And then there's writing. Something I have a more complicated relationship with. Like reading, I have been writing nearly all my life in some way or another. I have journals dating back to 1998, when I decided that I would either be a therapist, a photojournalist, or a novelist when I grew up. (I actually didn't know that the word "photojournalist" existed, so I made up my own - "writographer.") I still love writing letters, poetry, and (most) essays. I happily attended a college that was very writing-intensive.

Eric found this books with his name on it in Powell's.
I've always known that I will write a book. Not about anything specifically; I just know that I express myself best through writing, I love books, and I will write one someday. It is something that is always at the back of my mind. The reason that it hasn't ever been at the front of my mind until recently is that a lot of anxieties come up when I think about writing a book. For example:
"What if I'm not a good enough writer?"
"Why would anything I have to say be interesting enough for other people to want to read?"
"What the heck would I even write about?"
"Can I write that much?"
"How would I find the time to write a book?"

Some of these questions can be answered or dismissed logically; however, when faced tackling with one's life ambitions and passions, the brain does not always listen to logic.

One of my favorite authors, Barbara Kingsolver, wrote her first novels and short stories while living in Tuscon. Naturally, a lot of her writing alludes to the desert. So it seemed fitting that when Eric and I decided to move to Santa Fe, I should follow in Ms. Kingsolver's footsteps and start seriously pursuing writing, in hopes that I would draw inspiration from the desert as well.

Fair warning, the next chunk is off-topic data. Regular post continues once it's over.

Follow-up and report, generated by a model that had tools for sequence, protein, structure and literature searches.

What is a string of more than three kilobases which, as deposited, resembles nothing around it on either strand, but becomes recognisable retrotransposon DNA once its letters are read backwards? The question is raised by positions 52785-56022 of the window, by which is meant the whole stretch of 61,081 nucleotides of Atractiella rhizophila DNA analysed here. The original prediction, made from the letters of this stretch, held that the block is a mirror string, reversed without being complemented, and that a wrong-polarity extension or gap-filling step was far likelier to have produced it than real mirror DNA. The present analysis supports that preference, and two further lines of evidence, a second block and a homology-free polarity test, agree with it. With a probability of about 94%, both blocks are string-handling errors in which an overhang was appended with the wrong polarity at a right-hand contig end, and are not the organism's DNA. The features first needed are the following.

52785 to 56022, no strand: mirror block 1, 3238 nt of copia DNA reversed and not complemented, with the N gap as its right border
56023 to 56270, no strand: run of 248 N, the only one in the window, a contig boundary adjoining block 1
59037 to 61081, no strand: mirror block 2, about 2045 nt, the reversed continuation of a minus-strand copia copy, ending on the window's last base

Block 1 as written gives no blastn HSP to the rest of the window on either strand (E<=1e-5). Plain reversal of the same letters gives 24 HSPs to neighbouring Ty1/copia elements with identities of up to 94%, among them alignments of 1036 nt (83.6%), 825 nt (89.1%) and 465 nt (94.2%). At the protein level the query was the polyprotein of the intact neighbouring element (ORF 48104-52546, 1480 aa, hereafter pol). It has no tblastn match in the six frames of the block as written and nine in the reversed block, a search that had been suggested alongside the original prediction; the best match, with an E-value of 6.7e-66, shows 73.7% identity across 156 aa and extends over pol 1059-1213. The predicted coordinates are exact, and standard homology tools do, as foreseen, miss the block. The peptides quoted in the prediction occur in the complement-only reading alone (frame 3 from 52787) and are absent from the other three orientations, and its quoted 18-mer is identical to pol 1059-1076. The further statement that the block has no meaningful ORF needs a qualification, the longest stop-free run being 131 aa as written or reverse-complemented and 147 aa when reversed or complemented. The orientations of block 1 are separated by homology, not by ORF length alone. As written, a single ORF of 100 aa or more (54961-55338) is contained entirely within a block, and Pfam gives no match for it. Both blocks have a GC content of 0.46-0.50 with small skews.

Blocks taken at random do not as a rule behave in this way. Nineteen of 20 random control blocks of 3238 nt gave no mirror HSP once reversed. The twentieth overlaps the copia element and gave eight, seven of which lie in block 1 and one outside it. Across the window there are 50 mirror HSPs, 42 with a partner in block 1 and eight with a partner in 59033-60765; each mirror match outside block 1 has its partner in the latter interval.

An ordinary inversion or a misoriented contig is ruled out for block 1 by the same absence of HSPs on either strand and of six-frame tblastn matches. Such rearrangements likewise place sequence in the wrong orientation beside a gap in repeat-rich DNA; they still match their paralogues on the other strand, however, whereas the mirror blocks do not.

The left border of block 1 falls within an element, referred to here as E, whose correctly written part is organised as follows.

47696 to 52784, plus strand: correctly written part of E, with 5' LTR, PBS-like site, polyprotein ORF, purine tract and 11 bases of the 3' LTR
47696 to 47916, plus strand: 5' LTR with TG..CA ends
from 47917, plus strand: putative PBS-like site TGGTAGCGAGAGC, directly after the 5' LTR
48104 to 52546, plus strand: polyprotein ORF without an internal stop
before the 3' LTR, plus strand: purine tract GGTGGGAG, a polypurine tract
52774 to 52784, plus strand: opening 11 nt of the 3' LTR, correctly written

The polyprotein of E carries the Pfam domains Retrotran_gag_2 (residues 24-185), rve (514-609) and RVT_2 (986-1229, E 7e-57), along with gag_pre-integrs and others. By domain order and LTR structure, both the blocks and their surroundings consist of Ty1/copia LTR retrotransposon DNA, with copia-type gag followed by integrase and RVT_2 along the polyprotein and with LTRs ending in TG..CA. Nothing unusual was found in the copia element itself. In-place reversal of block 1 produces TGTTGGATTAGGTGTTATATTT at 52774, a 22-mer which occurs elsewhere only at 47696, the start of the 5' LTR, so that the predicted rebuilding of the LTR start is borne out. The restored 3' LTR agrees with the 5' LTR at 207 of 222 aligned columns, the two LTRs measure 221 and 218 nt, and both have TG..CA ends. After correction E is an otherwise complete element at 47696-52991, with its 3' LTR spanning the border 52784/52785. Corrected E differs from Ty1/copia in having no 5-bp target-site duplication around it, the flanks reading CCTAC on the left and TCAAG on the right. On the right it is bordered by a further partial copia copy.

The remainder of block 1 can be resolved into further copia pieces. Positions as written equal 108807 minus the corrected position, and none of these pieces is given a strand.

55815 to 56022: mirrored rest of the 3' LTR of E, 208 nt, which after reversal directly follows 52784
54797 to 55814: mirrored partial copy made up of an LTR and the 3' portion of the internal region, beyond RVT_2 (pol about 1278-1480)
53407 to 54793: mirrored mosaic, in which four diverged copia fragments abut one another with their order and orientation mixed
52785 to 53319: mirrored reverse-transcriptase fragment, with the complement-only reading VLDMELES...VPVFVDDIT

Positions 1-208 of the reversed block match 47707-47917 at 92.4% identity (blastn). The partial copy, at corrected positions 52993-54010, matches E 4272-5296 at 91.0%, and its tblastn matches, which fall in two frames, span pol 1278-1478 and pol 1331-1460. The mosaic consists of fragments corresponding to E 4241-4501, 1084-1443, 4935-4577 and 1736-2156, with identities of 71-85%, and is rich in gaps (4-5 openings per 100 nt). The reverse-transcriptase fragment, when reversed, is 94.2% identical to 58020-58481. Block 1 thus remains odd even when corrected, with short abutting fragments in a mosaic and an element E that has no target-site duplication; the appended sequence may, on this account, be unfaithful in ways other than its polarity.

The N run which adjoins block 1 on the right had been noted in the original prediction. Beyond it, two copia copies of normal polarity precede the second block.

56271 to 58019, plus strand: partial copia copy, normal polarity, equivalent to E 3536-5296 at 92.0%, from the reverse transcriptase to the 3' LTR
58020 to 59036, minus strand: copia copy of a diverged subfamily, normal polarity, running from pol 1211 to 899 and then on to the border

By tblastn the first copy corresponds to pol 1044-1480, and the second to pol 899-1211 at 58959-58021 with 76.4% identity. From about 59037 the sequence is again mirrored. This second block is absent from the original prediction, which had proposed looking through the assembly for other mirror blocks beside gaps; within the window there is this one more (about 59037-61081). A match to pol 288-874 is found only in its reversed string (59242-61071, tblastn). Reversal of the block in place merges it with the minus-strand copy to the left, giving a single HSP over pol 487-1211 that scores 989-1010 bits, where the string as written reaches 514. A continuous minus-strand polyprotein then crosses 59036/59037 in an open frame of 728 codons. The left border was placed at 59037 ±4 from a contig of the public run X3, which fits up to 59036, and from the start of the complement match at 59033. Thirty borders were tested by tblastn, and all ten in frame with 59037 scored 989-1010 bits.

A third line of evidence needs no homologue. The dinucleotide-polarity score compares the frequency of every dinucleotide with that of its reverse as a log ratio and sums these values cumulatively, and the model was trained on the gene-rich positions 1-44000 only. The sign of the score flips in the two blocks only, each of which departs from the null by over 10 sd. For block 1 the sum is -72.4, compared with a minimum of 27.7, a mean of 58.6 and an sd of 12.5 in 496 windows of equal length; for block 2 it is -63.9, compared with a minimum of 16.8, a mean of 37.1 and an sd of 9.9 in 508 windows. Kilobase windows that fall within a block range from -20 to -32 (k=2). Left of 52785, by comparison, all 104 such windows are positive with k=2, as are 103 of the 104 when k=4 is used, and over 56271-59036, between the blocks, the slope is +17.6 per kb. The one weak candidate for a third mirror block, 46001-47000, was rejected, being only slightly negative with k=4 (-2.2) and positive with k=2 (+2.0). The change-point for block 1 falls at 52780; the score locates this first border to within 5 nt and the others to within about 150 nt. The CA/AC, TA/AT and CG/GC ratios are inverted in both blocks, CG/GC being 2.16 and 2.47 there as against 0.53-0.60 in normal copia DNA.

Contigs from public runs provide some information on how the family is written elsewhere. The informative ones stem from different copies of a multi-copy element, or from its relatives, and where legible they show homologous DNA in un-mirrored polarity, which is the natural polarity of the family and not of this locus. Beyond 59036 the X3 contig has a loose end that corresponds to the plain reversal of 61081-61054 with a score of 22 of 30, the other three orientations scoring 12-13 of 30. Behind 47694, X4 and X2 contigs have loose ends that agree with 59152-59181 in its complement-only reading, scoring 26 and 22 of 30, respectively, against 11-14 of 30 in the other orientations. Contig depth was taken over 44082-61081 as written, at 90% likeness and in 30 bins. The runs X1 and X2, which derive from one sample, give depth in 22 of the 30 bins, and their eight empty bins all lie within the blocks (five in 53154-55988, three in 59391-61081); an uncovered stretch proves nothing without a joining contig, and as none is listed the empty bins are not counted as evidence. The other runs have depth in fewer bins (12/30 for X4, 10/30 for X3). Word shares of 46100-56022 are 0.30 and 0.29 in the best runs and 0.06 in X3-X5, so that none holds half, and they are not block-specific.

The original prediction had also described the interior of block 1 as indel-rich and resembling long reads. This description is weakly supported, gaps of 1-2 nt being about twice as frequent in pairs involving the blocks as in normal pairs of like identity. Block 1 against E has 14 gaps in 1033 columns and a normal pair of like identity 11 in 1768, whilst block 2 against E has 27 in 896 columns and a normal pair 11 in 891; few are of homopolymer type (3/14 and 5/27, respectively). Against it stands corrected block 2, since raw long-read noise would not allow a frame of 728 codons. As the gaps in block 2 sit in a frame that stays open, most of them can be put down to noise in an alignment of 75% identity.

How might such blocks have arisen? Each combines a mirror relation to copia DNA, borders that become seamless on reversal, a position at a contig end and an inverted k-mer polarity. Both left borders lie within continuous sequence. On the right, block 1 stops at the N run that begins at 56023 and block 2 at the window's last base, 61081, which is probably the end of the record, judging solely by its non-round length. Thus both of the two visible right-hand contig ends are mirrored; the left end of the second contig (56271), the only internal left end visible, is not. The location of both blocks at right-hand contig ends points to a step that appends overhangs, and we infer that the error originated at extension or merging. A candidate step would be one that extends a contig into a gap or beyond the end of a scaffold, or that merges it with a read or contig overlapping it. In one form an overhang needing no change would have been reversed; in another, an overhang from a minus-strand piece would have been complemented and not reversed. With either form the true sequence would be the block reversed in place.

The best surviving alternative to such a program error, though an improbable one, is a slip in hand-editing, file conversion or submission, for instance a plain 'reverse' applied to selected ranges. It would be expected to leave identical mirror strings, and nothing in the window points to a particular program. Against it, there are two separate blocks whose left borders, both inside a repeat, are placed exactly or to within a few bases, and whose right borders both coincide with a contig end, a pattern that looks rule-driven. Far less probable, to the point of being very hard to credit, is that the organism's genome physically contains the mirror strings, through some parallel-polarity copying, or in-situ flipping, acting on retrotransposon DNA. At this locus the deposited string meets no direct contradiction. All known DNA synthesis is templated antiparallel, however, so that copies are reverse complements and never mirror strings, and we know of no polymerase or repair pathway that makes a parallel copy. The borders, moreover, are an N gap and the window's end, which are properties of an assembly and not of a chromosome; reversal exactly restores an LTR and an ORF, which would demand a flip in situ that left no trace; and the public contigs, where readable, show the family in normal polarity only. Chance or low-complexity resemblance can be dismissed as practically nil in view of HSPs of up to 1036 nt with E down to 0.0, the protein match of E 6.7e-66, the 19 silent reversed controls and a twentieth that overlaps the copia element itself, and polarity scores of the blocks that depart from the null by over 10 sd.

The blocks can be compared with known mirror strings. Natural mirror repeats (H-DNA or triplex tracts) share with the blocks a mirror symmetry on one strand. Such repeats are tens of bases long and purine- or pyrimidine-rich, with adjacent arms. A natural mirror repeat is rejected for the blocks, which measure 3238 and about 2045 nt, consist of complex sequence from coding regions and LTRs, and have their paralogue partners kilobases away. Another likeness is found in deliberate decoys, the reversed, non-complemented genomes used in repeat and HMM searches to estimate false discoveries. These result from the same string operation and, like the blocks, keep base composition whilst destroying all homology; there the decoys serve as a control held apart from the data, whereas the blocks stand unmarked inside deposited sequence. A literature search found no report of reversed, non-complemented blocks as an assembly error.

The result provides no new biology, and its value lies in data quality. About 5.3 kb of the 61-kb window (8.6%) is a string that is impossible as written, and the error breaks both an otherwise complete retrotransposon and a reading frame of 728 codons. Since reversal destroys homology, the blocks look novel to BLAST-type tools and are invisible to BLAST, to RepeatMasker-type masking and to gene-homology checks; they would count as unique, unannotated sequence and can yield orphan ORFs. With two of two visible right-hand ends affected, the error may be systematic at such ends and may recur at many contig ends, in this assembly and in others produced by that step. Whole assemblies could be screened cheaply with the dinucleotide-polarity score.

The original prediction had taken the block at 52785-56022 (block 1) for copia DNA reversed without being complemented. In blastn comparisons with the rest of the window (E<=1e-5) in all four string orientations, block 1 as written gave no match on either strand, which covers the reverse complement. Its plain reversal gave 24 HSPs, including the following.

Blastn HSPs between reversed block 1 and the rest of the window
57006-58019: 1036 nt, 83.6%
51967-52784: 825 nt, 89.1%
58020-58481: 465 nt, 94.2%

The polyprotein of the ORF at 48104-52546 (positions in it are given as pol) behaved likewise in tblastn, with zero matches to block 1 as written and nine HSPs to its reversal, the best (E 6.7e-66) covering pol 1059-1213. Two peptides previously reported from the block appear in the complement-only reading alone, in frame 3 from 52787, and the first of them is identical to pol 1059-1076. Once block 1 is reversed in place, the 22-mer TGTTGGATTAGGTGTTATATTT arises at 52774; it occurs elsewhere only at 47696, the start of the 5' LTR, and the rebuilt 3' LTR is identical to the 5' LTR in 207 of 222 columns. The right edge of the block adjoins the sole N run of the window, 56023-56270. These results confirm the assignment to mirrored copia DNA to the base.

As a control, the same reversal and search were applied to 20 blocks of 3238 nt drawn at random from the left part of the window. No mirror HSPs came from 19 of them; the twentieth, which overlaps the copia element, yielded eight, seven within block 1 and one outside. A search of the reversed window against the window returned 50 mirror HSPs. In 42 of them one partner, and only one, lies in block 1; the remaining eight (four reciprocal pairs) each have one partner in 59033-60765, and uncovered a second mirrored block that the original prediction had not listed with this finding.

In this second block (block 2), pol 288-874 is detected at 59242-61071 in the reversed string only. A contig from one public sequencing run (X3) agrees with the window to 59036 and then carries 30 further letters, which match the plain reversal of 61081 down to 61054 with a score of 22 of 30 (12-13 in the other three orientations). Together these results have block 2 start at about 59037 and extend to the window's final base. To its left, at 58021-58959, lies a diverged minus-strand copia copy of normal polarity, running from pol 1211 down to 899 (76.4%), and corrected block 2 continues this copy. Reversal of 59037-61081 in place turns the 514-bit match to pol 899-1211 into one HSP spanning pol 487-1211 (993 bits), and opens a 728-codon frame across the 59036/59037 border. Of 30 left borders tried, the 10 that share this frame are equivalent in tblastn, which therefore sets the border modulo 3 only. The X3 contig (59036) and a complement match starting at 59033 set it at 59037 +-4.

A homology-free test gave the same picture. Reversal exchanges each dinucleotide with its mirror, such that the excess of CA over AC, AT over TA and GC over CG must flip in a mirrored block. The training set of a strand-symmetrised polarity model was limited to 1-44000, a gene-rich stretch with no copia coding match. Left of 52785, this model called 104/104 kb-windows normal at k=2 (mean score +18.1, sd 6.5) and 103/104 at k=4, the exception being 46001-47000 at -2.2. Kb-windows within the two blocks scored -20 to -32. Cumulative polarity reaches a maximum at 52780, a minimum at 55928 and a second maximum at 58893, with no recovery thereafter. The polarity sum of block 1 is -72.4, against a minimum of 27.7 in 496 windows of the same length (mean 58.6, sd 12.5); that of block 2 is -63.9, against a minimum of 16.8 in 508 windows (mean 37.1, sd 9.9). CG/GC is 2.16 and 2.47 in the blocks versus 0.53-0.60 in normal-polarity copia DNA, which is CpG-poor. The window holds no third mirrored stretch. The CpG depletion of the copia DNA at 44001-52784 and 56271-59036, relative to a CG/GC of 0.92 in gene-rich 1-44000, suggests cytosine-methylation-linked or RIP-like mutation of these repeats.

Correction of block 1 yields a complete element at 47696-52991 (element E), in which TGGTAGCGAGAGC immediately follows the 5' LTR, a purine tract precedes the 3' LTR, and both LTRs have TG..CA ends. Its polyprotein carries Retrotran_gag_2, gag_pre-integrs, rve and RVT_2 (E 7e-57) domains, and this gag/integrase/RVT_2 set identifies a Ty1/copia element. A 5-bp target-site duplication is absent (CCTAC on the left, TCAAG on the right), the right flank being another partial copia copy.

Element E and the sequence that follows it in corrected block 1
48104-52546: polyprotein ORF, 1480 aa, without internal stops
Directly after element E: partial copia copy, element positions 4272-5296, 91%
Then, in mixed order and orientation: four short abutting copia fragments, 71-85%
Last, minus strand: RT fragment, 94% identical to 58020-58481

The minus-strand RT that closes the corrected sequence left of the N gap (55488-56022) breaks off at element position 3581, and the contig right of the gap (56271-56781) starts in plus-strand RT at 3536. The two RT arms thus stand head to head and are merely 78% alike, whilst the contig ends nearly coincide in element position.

Assisi likes to "help" me write.
It is very slow-going. I am definitely writing more. I make a point to write something every day, whether it's in my journal, in a letter to a friend, in my writing notebook, or in this blog. I go to writing group most weeks. But I don't have much to show for it yet. Which is okay - what's it been, 3 months since I started working on this? I like to remind myself that another favorite author, Isabel Allende, didn't write her first novel until she was 40. I have plenty of time.

Since the idea of writing a novel is still daunting to me, I'm starting with short stories, and I've been reading a lot of short stories. While I have read dozens over the past month, I have only written 3/4 of a story. And it's not very good. But I think to get rid of all the anxiety I have about writing, I have to just write a lot, and accept that while not everything I write is going to be the best, some of it could turn into something good.
A quote from Cicero - definitely something Eric & I live by.
 So thanks for reading, as always, and let me know if there are any short stories I should get my hands on.

* Clearly Eric's influence.